It seems that Florida, the scene of election scandals in 2000 and 2004, still can’t seem to get it right even with early voting procedures. In South Florida yesterday, expansive lines and hour long wait-times aggravated potential voters as if it were Nov. 4, 2004 and not October 20, 2008.
At the West Delray Beach Library in Palm Beach County, elderly people complained about standing up for an hour or more in the sun and younger ones complained that voting protocol exposed their ballots, making the process less private, according to the Huffington Post.
“Lines are a sign of a healthy democracy, and certainly our democracy is healthy today,” said Florida Secretary of State Kurt Browning to the Associated Press.
Early voting for national elections was instituted in Florida in 2004. One reason was to alleviate long lines on Election Day; especially considering the increase of registered voters since 2000.
Since the beginning of this year, voter rolls in Miami-Dade County have added nearly 160,000 names, for a total of more than 1.2 million voters, according to the Miami Herald. Democrats in both Miami-Dade (holding a 554,001-382,286 advantage) and Broward (two to one) are showing a lead over Republicans.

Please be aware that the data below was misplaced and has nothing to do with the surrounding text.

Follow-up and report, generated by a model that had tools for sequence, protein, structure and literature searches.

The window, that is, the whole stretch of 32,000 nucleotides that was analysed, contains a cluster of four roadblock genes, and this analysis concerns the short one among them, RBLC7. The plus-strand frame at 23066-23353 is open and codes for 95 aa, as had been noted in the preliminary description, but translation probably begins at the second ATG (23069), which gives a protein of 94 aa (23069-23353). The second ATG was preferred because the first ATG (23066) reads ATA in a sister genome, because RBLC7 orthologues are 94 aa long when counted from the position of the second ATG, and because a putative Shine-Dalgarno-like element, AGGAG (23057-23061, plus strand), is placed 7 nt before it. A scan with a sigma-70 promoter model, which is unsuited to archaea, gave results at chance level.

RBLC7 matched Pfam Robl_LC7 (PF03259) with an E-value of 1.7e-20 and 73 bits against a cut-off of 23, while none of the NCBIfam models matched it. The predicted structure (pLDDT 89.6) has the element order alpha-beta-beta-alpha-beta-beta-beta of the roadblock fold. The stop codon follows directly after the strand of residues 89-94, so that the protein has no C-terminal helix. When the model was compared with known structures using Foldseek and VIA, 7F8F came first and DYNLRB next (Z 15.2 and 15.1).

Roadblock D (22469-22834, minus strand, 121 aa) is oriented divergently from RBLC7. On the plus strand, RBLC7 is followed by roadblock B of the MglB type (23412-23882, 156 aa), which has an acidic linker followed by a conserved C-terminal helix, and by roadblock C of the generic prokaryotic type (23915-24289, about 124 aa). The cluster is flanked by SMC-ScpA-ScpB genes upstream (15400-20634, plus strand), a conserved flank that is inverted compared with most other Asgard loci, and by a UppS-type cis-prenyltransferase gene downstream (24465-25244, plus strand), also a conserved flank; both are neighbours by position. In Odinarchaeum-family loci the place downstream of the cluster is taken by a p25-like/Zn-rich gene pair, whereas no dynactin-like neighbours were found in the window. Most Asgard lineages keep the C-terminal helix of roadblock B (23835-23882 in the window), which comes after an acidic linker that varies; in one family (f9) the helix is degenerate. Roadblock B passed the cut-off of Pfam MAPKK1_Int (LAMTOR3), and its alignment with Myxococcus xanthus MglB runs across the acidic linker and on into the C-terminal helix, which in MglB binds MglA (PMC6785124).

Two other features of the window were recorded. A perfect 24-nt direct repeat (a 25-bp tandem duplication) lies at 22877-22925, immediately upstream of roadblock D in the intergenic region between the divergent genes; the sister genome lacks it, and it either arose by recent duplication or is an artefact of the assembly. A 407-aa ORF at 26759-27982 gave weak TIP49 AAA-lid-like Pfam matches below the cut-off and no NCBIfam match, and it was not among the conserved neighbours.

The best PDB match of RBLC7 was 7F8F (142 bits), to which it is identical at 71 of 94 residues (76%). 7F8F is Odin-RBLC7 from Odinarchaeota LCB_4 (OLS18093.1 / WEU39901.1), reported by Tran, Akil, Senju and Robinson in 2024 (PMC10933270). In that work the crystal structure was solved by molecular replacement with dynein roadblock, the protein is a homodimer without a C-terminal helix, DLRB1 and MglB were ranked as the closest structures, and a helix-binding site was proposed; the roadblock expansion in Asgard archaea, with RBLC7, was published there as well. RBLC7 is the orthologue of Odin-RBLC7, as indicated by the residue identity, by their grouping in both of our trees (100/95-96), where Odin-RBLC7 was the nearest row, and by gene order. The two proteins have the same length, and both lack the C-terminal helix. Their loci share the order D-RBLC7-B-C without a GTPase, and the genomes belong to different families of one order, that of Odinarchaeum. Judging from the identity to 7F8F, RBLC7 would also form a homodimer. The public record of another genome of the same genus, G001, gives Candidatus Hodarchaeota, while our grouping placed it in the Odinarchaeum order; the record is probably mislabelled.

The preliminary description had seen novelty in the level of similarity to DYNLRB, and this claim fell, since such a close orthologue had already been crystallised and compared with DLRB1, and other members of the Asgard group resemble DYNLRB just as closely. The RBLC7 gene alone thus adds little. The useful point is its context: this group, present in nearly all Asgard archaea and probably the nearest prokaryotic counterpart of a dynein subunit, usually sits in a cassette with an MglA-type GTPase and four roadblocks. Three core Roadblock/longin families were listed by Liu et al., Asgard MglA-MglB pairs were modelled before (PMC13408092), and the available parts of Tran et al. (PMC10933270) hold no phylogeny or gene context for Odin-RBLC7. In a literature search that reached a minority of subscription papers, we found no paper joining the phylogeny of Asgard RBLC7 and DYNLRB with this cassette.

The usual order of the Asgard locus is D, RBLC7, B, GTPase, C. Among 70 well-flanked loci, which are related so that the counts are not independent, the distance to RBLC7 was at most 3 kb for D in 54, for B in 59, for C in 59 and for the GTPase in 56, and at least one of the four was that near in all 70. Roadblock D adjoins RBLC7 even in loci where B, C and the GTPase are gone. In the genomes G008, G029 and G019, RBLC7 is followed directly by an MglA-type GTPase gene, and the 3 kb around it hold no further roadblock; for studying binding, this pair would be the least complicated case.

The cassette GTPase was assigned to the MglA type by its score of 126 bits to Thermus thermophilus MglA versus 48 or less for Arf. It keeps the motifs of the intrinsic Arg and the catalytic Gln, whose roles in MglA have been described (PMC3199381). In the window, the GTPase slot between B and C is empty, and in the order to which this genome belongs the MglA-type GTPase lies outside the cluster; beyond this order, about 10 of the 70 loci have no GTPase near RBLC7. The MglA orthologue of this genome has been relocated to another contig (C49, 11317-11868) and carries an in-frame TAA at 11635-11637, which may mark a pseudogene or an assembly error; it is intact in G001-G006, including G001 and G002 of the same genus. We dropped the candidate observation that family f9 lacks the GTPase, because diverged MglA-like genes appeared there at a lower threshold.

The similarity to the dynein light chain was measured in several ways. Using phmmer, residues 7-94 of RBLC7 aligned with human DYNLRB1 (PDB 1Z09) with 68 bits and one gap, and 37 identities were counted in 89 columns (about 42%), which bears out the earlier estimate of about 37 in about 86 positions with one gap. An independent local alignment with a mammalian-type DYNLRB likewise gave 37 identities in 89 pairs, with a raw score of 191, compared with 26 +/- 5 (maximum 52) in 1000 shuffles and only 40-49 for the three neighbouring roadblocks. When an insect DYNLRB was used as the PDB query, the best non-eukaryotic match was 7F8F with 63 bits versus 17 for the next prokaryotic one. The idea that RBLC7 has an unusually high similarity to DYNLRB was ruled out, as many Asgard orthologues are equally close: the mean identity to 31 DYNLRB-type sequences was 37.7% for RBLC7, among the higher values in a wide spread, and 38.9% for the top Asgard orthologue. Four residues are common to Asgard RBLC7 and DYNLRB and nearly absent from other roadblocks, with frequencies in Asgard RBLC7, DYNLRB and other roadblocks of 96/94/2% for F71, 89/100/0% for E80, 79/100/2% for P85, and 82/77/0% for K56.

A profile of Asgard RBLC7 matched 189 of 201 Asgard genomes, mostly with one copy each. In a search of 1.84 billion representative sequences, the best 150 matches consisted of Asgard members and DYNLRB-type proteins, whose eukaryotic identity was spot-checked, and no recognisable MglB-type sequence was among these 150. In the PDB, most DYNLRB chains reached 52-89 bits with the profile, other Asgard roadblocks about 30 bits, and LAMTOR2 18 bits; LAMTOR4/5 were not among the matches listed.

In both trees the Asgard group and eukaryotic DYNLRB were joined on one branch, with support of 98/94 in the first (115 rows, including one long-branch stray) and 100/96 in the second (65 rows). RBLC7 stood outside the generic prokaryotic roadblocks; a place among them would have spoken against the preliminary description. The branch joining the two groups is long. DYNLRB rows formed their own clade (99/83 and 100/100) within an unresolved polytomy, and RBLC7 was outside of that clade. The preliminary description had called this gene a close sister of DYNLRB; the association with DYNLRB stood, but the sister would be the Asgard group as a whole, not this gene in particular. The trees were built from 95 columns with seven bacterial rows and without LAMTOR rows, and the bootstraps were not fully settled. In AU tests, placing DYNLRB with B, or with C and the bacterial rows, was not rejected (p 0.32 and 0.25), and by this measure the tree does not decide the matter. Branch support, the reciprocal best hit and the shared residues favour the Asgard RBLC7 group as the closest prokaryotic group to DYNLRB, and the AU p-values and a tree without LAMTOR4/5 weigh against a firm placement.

In 1998, more than 90% of ballots were cast on Election Day across the nation. Now, experts estimate that nearly one in three voters will have already voted — either in person on a voting machine at a central polling location or by mail using a paper absentee ballot — by the time polls open on Nov. 4, according to a Pew Center Report. So far during for this 2008 election, Florida Republicans have requested 295,000 absentee ballots statewide compared with 199,000 requested by Florida Democrats, reports the Associated Press.
Polls in North Carolina and Georgia also opened last week to long waits. Black voters have made up a disproportionately high percentage of early voters, accounting for 37% of Georgia’s early voters, says Newsday.com
Separately, Tennessee has seen a record numbers of voters at local election offices, shattering previous early voting numbers.
By the close of voting Saturday, 371,630 Tennesseans cast ballots in the Nov. 4 presidential election, 113,293 more than voted during the first four days in the 2004 election, according to the Chattanooga Times/Free Press.
Marcia A. Wade is a reporter at BlackEnterprise.com